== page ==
rock at William Noble in Dallas for $84,000. To quote Marilyn Monroe in
All About Eve
: "Now there's something a girl could make sacrifices for."
6. Rembrandt, Here We Come
Well, not quite. If you want an art piece by an old master, 100 grand won't even get you the frame. So, it's best to settle with a recent name brand, even though some of your guests may have no idea what they're looking at. The major auction houses -- Sotheby's and Christie's among them -- routinely auction masterworks of contemporary art. Andy Warhol is a name worth dropping, and his pieces will surely demand attention.
Take this one up for auction at Christie's: It's called Eva Mudocci, a piece Warhol whipped up in the early 80s. Christie's estimate for the high end of the bidding: $68,950.
7. A Man's Home Is His Castle
You don't need us to tell you that 100 grand doesn't buy much in the way of houses these days. But even though you can't buy a castle for 100 grand, you can certainly rent one, and for quite a long time at that. Castles are European inventions, so to get a real one, you must travel to the continent. And there you can have your choice of medieval brick and mortar (or medieval-looking, anyway).
Take a gander at this palace in Scotland. You can rent its spacious apartment for three months. The price for this short-term fiefdom: Around $93,600, not including taxes or airfare.
8. Eat, Drink and Be Merry
Once you invest in fine red wines, you won't care so much about what food you eat. Several vintages of recent years have gone down as some of the best ever, and your recent check is enough to buy several cases. Wine experts bicker politely on which wine is truly the ultimate, but one that always makes the short list is the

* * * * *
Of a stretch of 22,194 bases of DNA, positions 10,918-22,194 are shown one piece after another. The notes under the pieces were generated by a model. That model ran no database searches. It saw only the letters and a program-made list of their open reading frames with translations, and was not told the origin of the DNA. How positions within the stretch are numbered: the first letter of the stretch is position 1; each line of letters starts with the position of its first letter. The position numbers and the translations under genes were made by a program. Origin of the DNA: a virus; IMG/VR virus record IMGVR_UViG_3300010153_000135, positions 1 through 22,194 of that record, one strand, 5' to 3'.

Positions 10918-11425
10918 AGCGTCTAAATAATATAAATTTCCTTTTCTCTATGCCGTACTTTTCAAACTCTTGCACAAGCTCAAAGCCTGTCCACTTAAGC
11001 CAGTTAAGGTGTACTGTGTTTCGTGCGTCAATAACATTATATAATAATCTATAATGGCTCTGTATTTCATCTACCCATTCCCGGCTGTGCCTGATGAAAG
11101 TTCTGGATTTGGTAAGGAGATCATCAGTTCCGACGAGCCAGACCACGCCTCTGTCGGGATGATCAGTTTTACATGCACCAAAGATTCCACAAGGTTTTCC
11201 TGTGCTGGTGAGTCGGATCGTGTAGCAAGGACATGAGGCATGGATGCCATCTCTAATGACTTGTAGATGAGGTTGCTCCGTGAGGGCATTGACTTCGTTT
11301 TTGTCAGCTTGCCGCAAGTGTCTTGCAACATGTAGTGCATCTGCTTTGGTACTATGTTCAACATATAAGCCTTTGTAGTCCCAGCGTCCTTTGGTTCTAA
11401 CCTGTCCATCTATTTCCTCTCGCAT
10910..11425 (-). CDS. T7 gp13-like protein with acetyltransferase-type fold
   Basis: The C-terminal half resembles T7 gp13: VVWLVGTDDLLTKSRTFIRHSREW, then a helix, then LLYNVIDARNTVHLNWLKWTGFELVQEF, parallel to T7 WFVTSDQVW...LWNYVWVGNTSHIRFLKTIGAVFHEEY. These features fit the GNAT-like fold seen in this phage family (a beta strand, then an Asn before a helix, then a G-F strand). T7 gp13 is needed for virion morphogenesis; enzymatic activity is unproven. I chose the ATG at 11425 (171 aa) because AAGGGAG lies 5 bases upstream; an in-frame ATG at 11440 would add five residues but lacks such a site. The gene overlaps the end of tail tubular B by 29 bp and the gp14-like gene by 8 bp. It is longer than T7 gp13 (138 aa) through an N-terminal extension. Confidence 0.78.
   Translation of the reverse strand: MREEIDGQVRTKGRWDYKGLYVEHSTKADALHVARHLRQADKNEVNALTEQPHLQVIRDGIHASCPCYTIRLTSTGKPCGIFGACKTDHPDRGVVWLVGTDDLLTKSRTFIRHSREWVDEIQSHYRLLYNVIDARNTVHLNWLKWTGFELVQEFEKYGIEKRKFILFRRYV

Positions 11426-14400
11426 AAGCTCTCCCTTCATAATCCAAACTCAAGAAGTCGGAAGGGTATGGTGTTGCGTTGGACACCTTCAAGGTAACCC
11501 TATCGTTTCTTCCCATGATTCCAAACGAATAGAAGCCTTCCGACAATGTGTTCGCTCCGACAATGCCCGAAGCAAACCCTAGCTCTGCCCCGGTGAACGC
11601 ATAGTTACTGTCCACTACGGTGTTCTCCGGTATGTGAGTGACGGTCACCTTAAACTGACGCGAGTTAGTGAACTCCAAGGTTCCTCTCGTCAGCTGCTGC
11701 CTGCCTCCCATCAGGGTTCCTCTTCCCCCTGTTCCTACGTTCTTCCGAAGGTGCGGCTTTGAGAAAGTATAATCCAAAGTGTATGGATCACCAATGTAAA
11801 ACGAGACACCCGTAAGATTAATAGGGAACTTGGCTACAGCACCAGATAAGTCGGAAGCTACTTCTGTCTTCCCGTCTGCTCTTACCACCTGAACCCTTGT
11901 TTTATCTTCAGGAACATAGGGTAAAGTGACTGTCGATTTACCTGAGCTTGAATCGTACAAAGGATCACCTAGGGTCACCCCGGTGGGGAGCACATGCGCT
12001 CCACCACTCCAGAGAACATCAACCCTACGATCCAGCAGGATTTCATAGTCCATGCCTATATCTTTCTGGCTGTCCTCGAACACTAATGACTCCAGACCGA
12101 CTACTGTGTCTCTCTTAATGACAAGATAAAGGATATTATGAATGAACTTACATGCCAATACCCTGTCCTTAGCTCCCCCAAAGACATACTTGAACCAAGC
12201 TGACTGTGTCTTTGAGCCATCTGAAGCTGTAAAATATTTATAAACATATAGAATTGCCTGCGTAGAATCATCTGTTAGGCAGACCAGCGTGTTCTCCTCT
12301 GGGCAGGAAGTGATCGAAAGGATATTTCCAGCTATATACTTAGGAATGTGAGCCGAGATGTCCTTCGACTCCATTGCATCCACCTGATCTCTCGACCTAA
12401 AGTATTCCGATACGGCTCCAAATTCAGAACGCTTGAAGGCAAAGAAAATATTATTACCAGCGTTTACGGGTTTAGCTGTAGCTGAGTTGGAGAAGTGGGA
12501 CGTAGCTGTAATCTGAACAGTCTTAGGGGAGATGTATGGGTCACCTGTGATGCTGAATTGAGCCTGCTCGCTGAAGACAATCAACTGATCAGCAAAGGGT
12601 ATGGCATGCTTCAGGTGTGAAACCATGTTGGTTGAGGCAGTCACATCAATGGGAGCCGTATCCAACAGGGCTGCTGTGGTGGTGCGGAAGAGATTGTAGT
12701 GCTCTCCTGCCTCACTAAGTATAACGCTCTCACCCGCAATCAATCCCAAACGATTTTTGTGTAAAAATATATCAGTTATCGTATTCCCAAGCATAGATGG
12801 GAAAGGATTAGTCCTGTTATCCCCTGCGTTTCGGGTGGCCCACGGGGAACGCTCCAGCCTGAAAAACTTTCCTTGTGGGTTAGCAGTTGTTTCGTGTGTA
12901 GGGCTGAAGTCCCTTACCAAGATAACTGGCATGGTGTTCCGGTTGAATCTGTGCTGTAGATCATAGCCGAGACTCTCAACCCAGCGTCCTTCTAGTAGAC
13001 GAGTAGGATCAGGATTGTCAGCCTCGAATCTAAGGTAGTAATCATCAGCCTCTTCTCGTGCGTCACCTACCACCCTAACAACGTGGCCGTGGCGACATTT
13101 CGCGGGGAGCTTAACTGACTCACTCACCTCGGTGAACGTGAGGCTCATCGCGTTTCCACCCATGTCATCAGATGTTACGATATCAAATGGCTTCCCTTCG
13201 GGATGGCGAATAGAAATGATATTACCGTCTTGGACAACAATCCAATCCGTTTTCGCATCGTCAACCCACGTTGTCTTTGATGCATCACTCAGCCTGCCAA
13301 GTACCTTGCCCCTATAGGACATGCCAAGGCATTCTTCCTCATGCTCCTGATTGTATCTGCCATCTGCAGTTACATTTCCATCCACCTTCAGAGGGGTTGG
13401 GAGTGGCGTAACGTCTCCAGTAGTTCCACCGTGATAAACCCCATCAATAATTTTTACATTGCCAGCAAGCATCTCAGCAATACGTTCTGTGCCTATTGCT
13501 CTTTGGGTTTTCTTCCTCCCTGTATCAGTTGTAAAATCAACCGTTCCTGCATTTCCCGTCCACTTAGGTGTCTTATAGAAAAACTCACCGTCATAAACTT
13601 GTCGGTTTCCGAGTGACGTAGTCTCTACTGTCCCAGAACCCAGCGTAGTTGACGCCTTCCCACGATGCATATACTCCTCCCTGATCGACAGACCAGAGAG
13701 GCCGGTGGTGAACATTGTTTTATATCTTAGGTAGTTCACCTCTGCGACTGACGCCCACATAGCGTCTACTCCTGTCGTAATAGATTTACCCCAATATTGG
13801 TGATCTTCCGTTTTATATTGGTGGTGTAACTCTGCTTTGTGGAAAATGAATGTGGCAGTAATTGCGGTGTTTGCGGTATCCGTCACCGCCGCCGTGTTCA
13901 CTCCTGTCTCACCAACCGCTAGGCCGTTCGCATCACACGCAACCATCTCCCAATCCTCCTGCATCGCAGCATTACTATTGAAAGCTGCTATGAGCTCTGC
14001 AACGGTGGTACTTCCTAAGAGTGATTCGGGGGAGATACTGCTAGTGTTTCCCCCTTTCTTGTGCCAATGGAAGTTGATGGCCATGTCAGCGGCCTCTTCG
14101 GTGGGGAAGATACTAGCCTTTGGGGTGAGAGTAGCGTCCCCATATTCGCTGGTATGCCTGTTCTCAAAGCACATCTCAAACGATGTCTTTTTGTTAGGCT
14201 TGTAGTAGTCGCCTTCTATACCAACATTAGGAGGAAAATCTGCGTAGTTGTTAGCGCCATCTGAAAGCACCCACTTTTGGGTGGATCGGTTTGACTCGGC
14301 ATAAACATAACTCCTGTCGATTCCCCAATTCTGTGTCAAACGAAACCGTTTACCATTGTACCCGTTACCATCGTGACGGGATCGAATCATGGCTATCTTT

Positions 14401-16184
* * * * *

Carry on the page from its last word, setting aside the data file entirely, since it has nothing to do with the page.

1982 Chateau Latour. It is indeed fabulous, and unfortunately, it's also expensive. With your new windfall, a full 38 bottles are yours, if you can find them.
9. The Best Airline Is a Private Plane
Owning your own airplane is the ultimate luxury, provided you are not bothered by some small details. You have a check for 100 grand, and that's not enough to buy a jet. In fact, you're several million dollars short. What you can buy is a nice turbo-prop. If flying on one of those doesn't frighten you, and you don't mind tight spaces, then your plane has landed. We found plenty of single-engine planes for sale, but two engines have to be better than one. This
1979 Beech Duchess 76 is yours for $82,900.
10. Move to Your Own Private Idaho
The housing market may have soared in many areas, but that's not always the case with land. In fact, you can have quite a bit of it, if you don't mind getting far, far away from it all. We found this picturesque
22.4-acre spread in Idaho for $97,500. This spread does have its advantages: It's stunning, at least from the photos, and it appears to be somewhat accessible. A gravel road is apparently nearby.
David Morrow is editor-in-chief of
. In keeping with TSC's editorial policy, he doesn't own or short individual stocks, though he owns stock in TheStreet.com. He also doesn't invest in hedge funds or other private investment partnerships. He appreciates your feedback;
to send him an email.